Richard Laver, celebrated set theorist and friend, died in Boulder, Colorado at the age of 69. Rich joined the faculty of the CU Department of Mathematics in 1974 and became Professor Emeritus in 2008. Born in Los Angeles, California, on October 20, 1942, Rich began playing chess in childhood, exchanging moves on postcards with correspondents all over the world. Marathon chess tournaments helped him develop the exceptional concentration he applied to mathematics and rock climbing. While climbing he reportedly demonstrated complete and characteristic calm in all climbing circumstances; while doing mathematics in Boulder coffee shops, he was able to focus so completely that he sometimes didn’t see friends until they spoke to him. Rich earned a bachelor’s degree from UCLA in 1964, and wrote his Ph.D. thesis Well-quasi-orderings and Order Types at Berkeley in 1969 under the direction of Ralph McKenzie, making him the academic brother of Keith Kearnes and the academic grandson of Don Monk, both of the CU Mathematics Department. His thesis resolved the long-standing Fraïsse conjecture and was published in the Annals of Mathematics.
Rich was a life-long athlete, hiking and walking even until the end of his life. A pole-vaulter in high school, Rich came to rock climbing as a consequence of his deep generosity and insight into others: a friend at Berkeley was suffering from love-sickness, and Rich told this friend about some rock climbing classes and invited him to join, knowing that rock climbing demands complete attention. When the course was over, Rich asked his friend: “Feel better?”--- the first acknowledgement that Rich had his friend’s recovery in mind from the start. He did feel better of course, and so began two climbing careers. Rich took many mathematicians rock climbing, including Paul Erdös, and had hiking partners from mathematics, bridge, and all over Boulder. A dedicated UCLA Bruins basketball fan, Rich played Friday afternoon basketball with faculty members and graduate students for many years, fearlessly driving to the basket and accurate from long range, too. Even after he stopped playing due to his illness, his basketball sat in the entryway of his home.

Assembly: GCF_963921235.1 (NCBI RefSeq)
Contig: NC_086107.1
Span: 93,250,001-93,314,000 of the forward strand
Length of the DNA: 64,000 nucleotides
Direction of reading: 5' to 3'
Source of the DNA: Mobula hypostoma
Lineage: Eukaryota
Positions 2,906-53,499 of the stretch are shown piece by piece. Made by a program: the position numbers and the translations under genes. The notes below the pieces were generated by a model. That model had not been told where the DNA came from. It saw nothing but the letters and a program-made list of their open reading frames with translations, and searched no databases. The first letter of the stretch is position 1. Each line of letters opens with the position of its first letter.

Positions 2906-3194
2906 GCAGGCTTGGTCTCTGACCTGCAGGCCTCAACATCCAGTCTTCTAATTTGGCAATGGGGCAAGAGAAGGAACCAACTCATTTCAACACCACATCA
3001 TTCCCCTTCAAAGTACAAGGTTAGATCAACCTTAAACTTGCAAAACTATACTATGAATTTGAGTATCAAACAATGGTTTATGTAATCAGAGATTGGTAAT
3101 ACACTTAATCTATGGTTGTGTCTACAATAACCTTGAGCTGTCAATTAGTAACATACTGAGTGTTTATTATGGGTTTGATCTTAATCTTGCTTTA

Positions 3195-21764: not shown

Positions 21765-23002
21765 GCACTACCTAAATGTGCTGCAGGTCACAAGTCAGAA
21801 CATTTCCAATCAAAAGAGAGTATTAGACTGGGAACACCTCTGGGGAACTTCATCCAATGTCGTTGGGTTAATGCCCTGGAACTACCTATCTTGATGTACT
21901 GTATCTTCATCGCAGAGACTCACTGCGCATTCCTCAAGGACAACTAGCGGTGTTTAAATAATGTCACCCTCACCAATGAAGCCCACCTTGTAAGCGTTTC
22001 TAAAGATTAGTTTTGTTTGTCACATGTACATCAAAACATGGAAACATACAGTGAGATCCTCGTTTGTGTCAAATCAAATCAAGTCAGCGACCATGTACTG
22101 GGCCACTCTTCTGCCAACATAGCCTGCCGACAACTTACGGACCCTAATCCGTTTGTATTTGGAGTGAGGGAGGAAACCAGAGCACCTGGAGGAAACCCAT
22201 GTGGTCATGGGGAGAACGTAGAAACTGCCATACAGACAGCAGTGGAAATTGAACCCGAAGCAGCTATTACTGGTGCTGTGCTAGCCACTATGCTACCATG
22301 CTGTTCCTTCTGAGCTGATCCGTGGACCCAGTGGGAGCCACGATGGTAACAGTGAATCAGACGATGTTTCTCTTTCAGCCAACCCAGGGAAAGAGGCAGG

There are few people as gifted in the art of sharing the joy of thought, mathematical and otherwise, as Rich Laver. Not only was he generous with his students, but he cultivated an extensive and diverse group of loyal friends who visited his ‘salon’ (aka living room) whenever they pleased, and especially when they had puzzles to work or interesting topics to discuss. More than one person has made the observation that when they were around him, they ‘just felt good’. Rich’s impeccable mathematical taste and the depth of his results are among the traits for which he is known in the set theory community. Among his most brilliant results are (in chronological order) the resolution of the Fraïsse conjecture; the consistency of the Borel conjecture, for which he developed countable support iterated forcing; the consistency (relative to a supercompact cardinal) of the existence of supercompact cardinals kappa indestructible under (< kappa)-directed closed forcing; the consistency of the continuum hypothesis with the statement that there are no aleph_2 Suslin trees (joint with Shelah); the infinite version of the Halpern-Läuchli theorem; and the discovery of the relationship between the braid groups and certain elementary embeddings. In spite of his profound and influential contributions to set theory, he taught set theory without using any of the phrases: Laver reals, Laver forcing, Laver trees, Laver tables, Laver functions, Laver indestructibility, or Laver measurability, phrases that abound in the literature and in talks on set theory. His modesty was absolute.